“Fifty Shades” has been maligned for lacking sophistication even as its popularity indicates that it is either fulfilling or shaping many women’s fantasy lives. It tells the story of Christian Grey, a witless, Adonis-like business mogul whose idea of a compliment is, “You get an A in oral skills,” and 22-year-old Anastasia Steele, whom he persuades to enter into a sex-only relationship. For this he drafts an official contract in which he assumes the role of “the dominant” and she “the submissive.” Not, however, that he can do whatever he wants. There are “hard limits” (no acts involving fire play, urination, defecation, needles or knives) and “soft limits” (let’s just say those have to do with which orifices are at his disposal).
Anastasia, a giddy, guileless girl, whose exasperation at almost everything gets expressed by squealing “Holy crap” every other sentence, is so ensorcelled by his beauty and billions, she signs up. They have a lot of sex. Sometimes he spanks her. Sometimes she likes it. But, mostly, their relationship is a confusing mess of impulse and emotion, which at times lends itself to darker shades of degradation, and other amorous behavior that is noncommittal and turbulent. If you can call it love, which is clearly the direction the author wants to take this, it’s love of a very immature sort.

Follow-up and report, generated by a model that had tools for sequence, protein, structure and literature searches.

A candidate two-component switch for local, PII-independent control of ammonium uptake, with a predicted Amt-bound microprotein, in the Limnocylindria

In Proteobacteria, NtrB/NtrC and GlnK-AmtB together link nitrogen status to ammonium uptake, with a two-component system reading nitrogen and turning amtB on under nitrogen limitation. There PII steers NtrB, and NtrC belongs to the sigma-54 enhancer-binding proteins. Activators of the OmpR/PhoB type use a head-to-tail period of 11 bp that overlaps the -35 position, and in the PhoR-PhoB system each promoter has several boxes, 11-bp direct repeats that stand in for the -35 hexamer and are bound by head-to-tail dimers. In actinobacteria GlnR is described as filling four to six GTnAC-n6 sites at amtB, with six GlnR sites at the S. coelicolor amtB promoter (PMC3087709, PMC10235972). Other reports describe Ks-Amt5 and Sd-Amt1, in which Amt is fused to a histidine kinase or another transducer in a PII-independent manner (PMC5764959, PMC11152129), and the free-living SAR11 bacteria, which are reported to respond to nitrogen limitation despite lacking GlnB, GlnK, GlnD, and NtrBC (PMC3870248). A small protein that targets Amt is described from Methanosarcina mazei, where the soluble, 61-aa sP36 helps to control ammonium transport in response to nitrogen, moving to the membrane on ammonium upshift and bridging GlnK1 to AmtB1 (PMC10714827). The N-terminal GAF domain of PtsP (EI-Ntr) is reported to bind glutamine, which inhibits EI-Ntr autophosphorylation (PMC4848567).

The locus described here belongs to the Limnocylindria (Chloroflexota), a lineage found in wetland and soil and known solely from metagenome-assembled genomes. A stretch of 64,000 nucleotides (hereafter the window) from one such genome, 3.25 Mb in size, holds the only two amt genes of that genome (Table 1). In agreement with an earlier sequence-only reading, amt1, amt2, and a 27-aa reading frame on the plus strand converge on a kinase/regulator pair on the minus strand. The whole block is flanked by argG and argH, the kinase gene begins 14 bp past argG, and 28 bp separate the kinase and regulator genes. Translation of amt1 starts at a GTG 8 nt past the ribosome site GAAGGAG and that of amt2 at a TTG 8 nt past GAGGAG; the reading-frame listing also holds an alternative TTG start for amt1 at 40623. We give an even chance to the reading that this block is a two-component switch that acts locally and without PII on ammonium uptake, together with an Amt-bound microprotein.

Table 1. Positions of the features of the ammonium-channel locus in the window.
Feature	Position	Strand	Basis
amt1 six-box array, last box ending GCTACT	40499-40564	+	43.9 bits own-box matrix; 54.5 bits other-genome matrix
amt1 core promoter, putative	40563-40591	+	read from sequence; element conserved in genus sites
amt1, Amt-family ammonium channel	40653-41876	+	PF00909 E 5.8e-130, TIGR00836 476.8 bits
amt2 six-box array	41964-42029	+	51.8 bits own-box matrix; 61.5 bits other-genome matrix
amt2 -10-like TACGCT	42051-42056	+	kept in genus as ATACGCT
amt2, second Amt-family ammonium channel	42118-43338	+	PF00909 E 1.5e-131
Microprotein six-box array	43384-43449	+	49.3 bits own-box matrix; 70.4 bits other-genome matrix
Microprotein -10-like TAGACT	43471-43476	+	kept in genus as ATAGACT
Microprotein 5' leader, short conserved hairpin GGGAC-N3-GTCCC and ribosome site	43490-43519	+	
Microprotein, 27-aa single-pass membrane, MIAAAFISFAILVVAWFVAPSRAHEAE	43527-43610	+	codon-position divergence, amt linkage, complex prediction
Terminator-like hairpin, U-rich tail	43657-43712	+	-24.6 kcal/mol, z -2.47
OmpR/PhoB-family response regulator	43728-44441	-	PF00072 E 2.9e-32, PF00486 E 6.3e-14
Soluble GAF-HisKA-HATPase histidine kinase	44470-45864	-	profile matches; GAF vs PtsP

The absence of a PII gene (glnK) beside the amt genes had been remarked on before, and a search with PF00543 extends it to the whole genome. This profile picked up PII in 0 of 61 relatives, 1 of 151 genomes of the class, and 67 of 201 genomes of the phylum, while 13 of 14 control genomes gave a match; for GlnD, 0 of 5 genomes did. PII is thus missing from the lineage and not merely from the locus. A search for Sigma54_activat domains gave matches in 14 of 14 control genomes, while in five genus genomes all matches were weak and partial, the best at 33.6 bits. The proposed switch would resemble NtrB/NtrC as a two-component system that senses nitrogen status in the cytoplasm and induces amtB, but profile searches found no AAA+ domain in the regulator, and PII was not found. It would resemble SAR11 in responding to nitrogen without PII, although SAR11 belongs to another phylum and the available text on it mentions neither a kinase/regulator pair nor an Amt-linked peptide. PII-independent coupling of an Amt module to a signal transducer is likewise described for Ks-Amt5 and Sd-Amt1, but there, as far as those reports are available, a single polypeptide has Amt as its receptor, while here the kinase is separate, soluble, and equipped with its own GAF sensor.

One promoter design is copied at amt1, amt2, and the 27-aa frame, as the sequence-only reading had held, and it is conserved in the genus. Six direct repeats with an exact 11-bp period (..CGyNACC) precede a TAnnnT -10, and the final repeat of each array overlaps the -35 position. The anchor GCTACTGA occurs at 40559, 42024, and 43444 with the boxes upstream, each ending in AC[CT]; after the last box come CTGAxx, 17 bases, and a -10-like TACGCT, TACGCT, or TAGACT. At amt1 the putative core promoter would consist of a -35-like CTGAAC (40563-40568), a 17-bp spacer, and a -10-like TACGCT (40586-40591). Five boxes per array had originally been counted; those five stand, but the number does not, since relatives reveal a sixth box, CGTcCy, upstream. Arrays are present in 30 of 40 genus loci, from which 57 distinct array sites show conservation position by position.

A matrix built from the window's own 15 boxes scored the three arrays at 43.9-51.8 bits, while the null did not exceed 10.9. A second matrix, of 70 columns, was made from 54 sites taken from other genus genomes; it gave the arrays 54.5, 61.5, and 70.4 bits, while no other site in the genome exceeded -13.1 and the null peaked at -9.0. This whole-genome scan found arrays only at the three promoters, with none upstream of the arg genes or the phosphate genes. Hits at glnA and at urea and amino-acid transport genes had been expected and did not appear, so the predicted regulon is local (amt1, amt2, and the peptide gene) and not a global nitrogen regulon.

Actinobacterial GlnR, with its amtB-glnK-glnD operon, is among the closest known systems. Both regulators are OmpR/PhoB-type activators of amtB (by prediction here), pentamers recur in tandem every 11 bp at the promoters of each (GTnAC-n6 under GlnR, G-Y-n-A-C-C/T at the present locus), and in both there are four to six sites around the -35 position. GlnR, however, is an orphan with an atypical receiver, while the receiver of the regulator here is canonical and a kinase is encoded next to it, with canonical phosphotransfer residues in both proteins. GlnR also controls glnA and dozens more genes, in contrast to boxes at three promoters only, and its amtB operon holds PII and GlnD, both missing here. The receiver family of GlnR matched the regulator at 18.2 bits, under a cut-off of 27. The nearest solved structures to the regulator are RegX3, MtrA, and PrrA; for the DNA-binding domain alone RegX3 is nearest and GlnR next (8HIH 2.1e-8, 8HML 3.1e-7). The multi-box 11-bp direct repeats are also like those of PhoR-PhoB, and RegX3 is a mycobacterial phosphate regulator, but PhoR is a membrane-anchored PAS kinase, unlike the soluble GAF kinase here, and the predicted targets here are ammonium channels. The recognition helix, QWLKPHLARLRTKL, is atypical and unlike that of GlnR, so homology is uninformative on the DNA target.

So why has a retrograde fantasy that exemplifies traditional gender roles and undercuts romantic complexity risen to cultural apotheosis? If there’s anything to get all hot and bothered about, it’s this: We want sex. Hot, panting, sweaty, dirty, even depraved sex. Even badly written sex (perhaps especially badly written sex). We want to be flustered, filled and inflamed. We are at the core, animals, and we have animal needs. Since most of us will never see a battlefield or have to survive a shipwreck, sex becomes our theater of discovery. (As poet Dylan Thomas wrote in “Under Milk Wood,” “Let me shipwreck in your thighs.”) It is the most primal way through which we come to know who we are — how courageous, how giving, how loving we have the potential to be. Sex sensitizes us. It reminds us that we’re mortal. Sex is our answer to the poverty of mundane existence.